Intelligent Answers

Intelligent Answers => Intelligent Questions... and Intelligent Answers => Technology => Topic started by: P-Kasso2 on 18 January, 2018, 05:55:16 PM

Title: Have scientists really developed a super glue from mussels and geckoes?
Post by: P-Kasso2 on 18 January, 2018, 05:55:16 PM
Geckoes, I can understand because they have famously sticky feet. But mussels?  A friend (our local science buff and wannabe Albert Einstein) swears blind that he has read somewhere that scientists really have developed a new super glue by boiling down mussels and dead geckos.

Is it true? Have they? Are any details available?
Title: Re: Have scientists really developed a super glue from mussels and geckoes?
Post by: moonzero2 on 11 November, 2018, 02:34:46 PM
While it may be a possibility, I would have thought they would have included limpets in any study.
cant, see where geckos would come into it.
Title: Re: Have scientists really developed a super glue from mussels and geckoes?
Post by: P-Kasso2 on 29 February, 2020, 10:50:47 AM
While it may be a possibility, I would have thought they would have included limpets in any study.
Can't see where geckos would come into it.


Can't see where Geckos would come into it?  Really?  Have you never lived in the tropics Moonzero and watched in total fascination at the way Geckos run up your living room walls and zoom straight across your ceiling without once falling off or even stumbling?

It's incredible to watch.  Must be some kind of super superglue, right?

So maybe no wonder scientists and glue manufacturers are more than interested in Geckos sticky toes, eh?  Wrong!  The truth is that Geckos clinging to walls and ceilings has absolutely nothing to do with glue, super or otherwise.   

It's because Geckos have very hairy toes!  Microscopically hairy toes!

What's more, Geckos can even quickly turn the stickiness of their toes on and off, a new scientific study has found.

Gecko toes are well-studied by boffins, and their sticky toe properties have already  inspired some incredible new human technologies...such as stitch-free ways to seal wounds...and sticky handheld paddles that may help soldiers scale walls someday.  (Trust bliddy humans to exploit Geckos militarily!)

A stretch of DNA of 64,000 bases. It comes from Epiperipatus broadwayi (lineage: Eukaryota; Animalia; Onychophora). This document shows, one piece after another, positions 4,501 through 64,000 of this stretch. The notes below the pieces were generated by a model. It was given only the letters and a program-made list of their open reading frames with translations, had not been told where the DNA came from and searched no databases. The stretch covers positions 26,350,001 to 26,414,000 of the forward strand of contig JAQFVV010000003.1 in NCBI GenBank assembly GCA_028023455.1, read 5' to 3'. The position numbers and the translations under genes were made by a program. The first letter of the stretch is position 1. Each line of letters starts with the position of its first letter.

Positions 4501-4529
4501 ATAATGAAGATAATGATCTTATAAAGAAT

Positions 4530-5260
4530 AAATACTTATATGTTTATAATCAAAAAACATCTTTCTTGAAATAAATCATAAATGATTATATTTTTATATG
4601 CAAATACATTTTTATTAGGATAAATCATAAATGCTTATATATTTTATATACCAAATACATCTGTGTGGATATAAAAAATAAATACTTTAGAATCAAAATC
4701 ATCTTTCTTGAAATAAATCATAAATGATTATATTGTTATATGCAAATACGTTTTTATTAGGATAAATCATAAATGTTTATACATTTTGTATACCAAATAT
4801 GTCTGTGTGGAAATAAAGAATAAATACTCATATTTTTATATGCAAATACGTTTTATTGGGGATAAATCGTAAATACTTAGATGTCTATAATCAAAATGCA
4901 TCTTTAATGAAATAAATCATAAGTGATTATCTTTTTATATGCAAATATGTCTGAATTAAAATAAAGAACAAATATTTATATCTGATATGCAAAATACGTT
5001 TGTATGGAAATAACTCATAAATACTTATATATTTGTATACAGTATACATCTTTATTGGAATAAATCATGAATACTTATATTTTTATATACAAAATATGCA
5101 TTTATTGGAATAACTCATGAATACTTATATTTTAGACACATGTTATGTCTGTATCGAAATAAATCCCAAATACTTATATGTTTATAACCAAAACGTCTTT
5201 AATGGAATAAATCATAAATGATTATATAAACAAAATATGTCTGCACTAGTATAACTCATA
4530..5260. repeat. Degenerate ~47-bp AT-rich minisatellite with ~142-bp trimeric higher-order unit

For the past decade, researchers have already been developing synthetic adhesives with nano-sized fibres designed to mimic Geckos' bristly little toes.

And new research on the subtleties of 'Gecko Adhesion' shows that nature is still outpacing scientists in the lab.  (For 7 more remarkable ways that studying Nature has already inspired important human inventions, just Google this following website...Biomimicry: 7 Technologies Inspired by Nature.)

If I haven't already bored you to death, and you are still reading this... As already mentioned, Geckos can stick to surfaces because their bulbous little toes are covered in hundreds of tiny microscopic hairs.  These are called setae

But there's more!  Each seta itself splits off into hundreds of even smaller bristles called spatulae.  Scientists already knew that the tufts of these tiny hairs get so close to the contours in walls and ceilings that the van der Waals force kicks in. 

Van de Who force?  The van der Waals force basically says that... This type of physical Gecko-toe bond happens when electrons from the Gecko's hairy toe molecules and electrons from the wall molecules interact with each other and create an electromagnetic attraction.

QED?

All this highly fascinating (?) stuff I gleaned from https://www.livescience.com/47307-how-geckos-stick-and-unstick-feet.html

But remember you heard it on AI first!
Title: Re: Have scientists really developed a super glue from mussels and geckoes?
Post by: moonzero2 on 10 March, 2020, 04:36:56 PM
I knew that Geckos arboreal ability came from the hair on their feet but not the mechanics of the action.
the question suggested to me that a secretion was thought to be involved such as slug/snail slime.

Hence the statement, cheers for the heads up though; most informative.

 Gd_pst